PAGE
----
Moreover, it is considered also so called antifounded version of HF, called HFA, which satisfies finite version of Aczel's Antifoundation Axiom. Antifounded sets are also called hypersets. This correlates very happily with the concept of HyperText used for creating World-Wide Web (WWW)-pages with hyperlincs between them. Antifounded version of BST is called BSTA. There exists corresponding version of the language DELTA.
This language may be naturally interpreted as query language for nested databases with very arbitrary and flexible structure. Such kind of databases may be considered also as unstructured or semistructured ones. For the antifounded case this nested structure may be also cyclic. (Some cycles in the membership relation are possible.) We meet this kind of cyclic structure in the World-Wide Web. Therefore it seems most natural to interpret DELTA in this antifounded case as query language to WWW or to Web-like data bases (WDB), i.e. to databases possibly distributed between many computers organized as a set of ``pages'' like those in WWW which contain references to other pages. These references correspond to the ordinary set-theoretic membership relation between any set and its elements.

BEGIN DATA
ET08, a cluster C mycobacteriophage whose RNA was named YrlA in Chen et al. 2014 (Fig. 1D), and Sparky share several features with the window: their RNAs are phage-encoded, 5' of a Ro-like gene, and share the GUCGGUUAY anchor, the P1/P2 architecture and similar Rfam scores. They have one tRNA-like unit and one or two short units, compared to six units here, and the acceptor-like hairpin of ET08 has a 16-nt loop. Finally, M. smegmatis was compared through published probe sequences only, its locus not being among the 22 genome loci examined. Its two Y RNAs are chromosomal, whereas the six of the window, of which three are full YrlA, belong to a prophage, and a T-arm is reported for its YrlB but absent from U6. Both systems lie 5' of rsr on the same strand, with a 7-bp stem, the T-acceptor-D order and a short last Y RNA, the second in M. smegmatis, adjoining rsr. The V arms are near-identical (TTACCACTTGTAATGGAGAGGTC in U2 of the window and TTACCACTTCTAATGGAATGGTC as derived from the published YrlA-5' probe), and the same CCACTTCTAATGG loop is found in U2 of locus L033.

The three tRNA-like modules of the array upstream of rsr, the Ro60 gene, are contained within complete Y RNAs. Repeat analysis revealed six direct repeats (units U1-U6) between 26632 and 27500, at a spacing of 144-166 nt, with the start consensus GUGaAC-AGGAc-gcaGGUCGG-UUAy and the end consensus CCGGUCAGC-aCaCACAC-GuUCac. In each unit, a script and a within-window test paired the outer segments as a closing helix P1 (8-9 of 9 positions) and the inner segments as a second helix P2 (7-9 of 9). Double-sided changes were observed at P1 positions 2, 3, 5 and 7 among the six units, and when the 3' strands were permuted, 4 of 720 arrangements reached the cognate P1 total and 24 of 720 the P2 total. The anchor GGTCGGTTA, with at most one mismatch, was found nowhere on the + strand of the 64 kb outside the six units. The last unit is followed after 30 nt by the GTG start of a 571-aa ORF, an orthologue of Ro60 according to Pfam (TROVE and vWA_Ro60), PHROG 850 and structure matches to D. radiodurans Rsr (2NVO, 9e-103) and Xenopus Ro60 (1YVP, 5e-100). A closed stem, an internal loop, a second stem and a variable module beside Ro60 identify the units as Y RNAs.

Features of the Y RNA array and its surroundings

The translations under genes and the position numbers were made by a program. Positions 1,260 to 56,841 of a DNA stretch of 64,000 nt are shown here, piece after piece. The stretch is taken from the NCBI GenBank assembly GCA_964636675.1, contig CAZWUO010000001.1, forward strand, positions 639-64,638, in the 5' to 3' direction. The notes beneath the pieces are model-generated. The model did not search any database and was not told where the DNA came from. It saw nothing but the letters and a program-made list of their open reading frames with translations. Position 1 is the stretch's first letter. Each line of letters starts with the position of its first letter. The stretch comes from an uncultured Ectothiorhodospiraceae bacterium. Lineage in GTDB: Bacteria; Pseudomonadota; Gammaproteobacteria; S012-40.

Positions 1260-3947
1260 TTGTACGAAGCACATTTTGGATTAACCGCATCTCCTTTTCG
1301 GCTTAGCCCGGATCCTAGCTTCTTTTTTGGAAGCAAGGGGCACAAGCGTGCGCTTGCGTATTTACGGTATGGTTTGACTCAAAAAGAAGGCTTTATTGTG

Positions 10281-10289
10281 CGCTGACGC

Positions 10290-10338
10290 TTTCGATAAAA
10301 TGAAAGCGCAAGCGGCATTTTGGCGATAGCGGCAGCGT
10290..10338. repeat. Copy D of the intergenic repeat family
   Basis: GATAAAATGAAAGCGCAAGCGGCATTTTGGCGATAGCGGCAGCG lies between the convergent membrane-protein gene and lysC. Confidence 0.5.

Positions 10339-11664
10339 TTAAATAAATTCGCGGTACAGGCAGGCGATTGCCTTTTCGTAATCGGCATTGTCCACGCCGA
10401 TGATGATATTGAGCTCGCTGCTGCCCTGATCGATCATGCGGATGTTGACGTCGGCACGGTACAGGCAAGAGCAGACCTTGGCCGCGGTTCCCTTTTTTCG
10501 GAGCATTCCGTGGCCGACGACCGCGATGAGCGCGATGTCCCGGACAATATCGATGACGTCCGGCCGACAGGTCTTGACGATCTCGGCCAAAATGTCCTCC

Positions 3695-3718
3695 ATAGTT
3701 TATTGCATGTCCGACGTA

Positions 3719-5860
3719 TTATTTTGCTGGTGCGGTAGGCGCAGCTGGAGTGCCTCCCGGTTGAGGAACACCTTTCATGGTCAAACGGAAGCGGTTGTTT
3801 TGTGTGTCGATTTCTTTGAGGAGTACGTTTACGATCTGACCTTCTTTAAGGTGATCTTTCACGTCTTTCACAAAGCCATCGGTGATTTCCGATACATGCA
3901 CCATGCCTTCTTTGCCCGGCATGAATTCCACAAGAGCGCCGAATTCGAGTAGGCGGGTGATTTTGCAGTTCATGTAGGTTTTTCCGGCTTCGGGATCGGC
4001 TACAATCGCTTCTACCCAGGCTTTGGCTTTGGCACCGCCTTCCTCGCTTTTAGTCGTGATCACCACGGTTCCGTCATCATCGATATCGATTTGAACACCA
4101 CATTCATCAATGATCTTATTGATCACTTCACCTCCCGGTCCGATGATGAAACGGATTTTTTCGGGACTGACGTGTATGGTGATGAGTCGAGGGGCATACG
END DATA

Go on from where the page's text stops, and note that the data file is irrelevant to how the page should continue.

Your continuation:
A key result demonstrating the expressive power of DELTA says that definability in DELTA exactly corresponds to computability over HFA (or over WWW or WDB) in Polynomial Time.
Also some version of DELTA corresponds to LOGSPACE-computability.
Here are some publications on BST available by WWW. Cf. also information on Computer Logic Laboratory where BST is worked out.
Here is a brief introduction to BST in its connection to WWW.
We also have a simple experimental implementation of BST on LISP with some illustrating examples.
An implementation of BST on Java as a query language to the real Web is in progress.
This page is constructed by Vladimir Sazonov (firstname.lastname@example.org).